Last night was wonderful! Right before the end of work, I had a friend give me a ring to tell me he was in the area and would I like company.
So he came over and cooked for me.
So let me try to tell you what he cooked, oh man!
He took my lil ole thawed rabbit and cut it into sections. Then he dredged it in flour that had been generously seasoned with basil, smoked paprika, savory, thyme, and black pepper. Fried the rabbit. and then we set that aside.
Then we took leeks, which had been sliced in half lengthwise, cut into half-circles less than a quarter inch thick all the way up – white and green parts – and then thoroughly cleaned, and fried them in the oil, too. and then set aside.
Next, he put in a whole container of portobella mushrooms, which had been cleaned and the tips of the stems trimmed but whole, and then once that started releasing juice, he added some five or six cloves of garlic, chopped roughly, and the flesh only of one habanero pepper – and cooked until the garlic was just browning and luscious. He added the leeks, cooked for a little bit together, and then put them back in the bowl on the side.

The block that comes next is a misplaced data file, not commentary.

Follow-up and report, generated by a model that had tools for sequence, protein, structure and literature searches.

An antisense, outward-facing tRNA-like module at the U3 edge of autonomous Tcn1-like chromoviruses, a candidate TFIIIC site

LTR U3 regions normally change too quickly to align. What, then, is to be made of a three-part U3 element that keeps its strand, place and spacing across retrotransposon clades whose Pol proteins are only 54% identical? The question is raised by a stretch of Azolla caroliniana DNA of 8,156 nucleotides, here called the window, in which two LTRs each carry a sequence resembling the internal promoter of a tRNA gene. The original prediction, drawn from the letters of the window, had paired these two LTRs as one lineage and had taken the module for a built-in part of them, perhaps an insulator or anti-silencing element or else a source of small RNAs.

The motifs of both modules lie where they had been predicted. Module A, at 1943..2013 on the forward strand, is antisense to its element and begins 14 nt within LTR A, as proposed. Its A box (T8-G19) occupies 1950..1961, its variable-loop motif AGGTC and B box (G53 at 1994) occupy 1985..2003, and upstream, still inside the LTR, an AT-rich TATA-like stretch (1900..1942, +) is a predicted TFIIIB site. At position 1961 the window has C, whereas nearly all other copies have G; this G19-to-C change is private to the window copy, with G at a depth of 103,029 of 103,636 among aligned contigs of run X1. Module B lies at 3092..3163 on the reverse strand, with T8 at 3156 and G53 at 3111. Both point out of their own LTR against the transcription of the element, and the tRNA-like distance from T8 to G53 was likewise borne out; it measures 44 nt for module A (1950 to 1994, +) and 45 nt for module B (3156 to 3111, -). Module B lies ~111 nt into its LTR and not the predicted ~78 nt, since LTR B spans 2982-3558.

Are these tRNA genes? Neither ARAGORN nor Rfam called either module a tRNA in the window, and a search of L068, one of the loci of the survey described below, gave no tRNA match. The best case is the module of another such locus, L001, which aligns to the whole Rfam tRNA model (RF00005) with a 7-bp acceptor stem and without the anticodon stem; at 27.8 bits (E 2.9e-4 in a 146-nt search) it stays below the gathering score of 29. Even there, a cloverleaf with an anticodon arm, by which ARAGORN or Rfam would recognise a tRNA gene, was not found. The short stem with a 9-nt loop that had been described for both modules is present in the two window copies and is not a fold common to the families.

Then he made gravy with more of the seasoned flour, oil, a bottle of Wood Chuck dark brown cider, and some chicken stock. He added the veggies back tot he gravy and then added the rabbit. We set that to simmer, on pretty high heat for simmering, while I made turmeric rice.
Other recent successful experiments in food have included:
Spinach of yum
Clean and remove stems from spinach.
Saute some garlic and a purple onion, sliced thinly but long enough to have texture, and once that is going decently, add all the spinach. When wilted, add unagi sauce. Crack two eggs into the pan – scramble all about.
Best Duck Soup Ever
I had gotten the duck carcass after the last time my family went out for peking duck, and it had been sitting in my freezer. Then I found a little shop where I got half a roast duck for $7 – including the head. Woot!
So I ate up the meat and skins and put the residue in my stock pot with the frozen carcass.
Then I added the base of a bunch of celery, the base of a head of napa cabbage, some carrots, a lot of garlic, some black peppercorns, a bay leaf, some five spice powder, and some red onion. And water. Cook cook cook. Then I removed some of the goodie so I could fit in even more water and make more broth because my pot was pretty packed with goodie. Cook cook cook. Let sit over night. Cook cook cook (boiling at least 20 minutes). Let cook enough to work with. Strain through cheesecloth.
Then I heated the stock back up to boiling and added baby bok choi, some long strands of oniony stuff from the asian grocery, and a bundle of buckwheat soba noodles.
It was so good – it didn’t even need the seasoning adjusted at all.